FDLP Consolidation Loan interest rates are always rounded to an even one-eight of one percent. So, for example, if loans you consolidate currently have a combined interest rate of 5.38%, that’ll rise to 5.50%. This is a slight increase, but it’s an increase nonetheless.

Would you consolidate both subsidized and unsubsidized FDLP Loans? If so, your Consolidation Loan’s interest will be both subsidized and unsubsidized in proportion to the subsidized and unsubsidized debts you consolidate.

You may consolidate anytime after leaving college, but be careful. Consolidating during your grace period will start your monthly payments during that period unless you indicate on your FDLP Consolidation application that you want consolidation delayed until your grace period concludes. Then payment will begin up to 60 days after grace-end.

What would be the monthly payment amount, repayment period length, and total amount you’d repay with an FDLP Consolidation Loan? You may request this information from your loan servicer before consolidating.

You can use any repayment plan if you consolidate, but you must use an income-driven repayment plan to get Public Service Loan Forgiveness (PSLF) 10 years after consolidating. If PSLF isn’t for you, income-driven repayment also qualifies you for forgiveness on anything you still owe 20-25 years of payments on your FDLP Consolidation Loan.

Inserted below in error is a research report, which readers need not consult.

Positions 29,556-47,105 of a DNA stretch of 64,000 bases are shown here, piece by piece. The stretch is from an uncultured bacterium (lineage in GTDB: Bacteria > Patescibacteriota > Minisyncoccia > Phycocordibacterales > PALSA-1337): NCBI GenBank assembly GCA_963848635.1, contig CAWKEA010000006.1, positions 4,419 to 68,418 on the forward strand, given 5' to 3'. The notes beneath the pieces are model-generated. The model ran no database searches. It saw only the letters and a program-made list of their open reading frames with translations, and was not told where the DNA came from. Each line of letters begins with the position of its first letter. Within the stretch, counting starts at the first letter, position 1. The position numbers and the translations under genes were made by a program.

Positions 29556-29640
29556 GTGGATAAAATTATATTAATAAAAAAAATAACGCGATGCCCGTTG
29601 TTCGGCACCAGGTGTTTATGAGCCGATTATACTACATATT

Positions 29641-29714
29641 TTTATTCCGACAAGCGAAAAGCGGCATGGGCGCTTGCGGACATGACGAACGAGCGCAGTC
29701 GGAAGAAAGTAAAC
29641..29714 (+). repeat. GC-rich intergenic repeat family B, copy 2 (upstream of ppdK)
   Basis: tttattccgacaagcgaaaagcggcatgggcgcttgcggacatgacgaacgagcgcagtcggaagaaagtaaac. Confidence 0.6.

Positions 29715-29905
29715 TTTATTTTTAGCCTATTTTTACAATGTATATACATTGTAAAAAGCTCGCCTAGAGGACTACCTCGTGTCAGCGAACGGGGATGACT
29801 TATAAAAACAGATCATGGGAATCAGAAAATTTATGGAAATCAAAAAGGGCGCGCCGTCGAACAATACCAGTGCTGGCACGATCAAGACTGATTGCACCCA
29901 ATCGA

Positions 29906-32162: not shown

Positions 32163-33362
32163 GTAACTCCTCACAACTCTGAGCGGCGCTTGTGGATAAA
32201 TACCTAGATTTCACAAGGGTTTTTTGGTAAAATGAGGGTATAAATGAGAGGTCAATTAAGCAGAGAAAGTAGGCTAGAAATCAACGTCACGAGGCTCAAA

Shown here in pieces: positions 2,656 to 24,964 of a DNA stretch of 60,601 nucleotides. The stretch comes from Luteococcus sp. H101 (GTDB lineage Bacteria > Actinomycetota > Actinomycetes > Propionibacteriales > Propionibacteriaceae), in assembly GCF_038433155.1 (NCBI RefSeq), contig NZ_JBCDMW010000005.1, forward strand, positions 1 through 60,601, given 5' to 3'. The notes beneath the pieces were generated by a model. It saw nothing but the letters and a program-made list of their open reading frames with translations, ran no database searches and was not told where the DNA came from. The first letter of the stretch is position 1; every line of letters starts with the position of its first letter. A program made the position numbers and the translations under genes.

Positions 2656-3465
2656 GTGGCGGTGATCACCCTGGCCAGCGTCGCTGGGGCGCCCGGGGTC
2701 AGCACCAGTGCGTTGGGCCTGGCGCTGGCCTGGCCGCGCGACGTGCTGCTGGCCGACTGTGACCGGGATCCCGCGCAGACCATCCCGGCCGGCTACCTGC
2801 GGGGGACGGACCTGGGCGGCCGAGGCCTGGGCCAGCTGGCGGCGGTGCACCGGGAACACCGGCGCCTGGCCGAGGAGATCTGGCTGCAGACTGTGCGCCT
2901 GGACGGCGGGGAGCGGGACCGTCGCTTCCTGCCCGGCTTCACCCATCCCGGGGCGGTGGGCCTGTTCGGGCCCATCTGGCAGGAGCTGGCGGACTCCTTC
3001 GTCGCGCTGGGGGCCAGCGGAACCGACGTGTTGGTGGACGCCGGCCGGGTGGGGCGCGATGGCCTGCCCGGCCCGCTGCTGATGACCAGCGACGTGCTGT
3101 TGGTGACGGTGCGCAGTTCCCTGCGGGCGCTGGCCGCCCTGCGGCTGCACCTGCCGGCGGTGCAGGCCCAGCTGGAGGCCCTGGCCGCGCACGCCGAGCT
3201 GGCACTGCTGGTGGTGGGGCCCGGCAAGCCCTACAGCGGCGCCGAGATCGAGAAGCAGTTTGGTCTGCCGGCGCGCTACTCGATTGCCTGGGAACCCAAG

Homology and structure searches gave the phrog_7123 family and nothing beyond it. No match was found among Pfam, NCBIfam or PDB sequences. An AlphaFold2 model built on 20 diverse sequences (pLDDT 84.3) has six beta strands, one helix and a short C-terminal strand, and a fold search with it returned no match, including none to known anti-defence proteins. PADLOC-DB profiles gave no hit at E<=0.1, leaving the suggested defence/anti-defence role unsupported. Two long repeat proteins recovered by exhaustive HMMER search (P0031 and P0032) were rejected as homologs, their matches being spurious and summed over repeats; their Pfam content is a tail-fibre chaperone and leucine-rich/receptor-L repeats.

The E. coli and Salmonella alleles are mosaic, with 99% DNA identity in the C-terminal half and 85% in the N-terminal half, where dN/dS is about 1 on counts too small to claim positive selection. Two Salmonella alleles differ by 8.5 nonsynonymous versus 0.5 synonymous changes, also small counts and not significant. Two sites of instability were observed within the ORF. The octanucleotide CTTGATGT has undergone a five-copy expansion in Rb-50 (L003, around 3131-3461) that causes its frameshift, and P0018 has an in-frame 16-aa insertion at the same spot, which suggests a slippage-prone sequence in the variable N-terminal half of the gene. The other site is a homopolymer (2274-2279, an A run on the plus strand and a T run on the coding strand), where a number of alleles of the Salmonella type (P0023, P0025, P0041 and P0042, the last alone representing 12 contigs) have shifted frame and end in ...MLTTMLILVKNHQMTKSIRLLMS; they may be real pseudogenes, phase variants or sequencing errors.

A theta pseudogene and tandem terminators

Consolidation also creates a brand new debt that repays any federal (but not non-federal) college loans you choose, giving you just one federal debt. But Washington places all your FDLP Loans with one loan servicer, and it’s required to combine those loans into one account mimicking a single debt, so you may not need to consolidate if you only have FDLP debt.

For more information, review the government’s official loan consolidation webpage.

For low-income and/or high-debt borrowers, consolidation is a fundamental strategy for keeping FDLP payments affordable. Look into it, and if it’ll help meet your repayment needs, go for it!

Let College Affordability Solutions use its four decades of student loan experience help you select workable strategies for repaying your higher education debt. Call (512) 366-5354 or email collegeafford@gmail.com to set up one or more free consultations with us if you need help.

After College: Revised Pay As You Earn — Could It Be The Best Plan for Repaying Your Student Loans?

This concludes our review of the Federal Direct Loan Program‘s (FDLP’s) conventional repayment plans and income-driven repayment plans, including Income-Based Repayment, Income-Contingent Repayment, and Pay As You Earn. Today we’ll examine the last of those income-driven plans, Revised Pay As You Earn (REPAYE).

There’s a simple way to project what REPAYE can do for you. Just use the Federal Student Loan Repayment Estimator to find out:

  • Your monthly loan payment amount, at least for your first year in REPAYE (to use REPAYE for any 12-month period, you need to apply for it and certify your latest Adjusted Gross Income (AGI),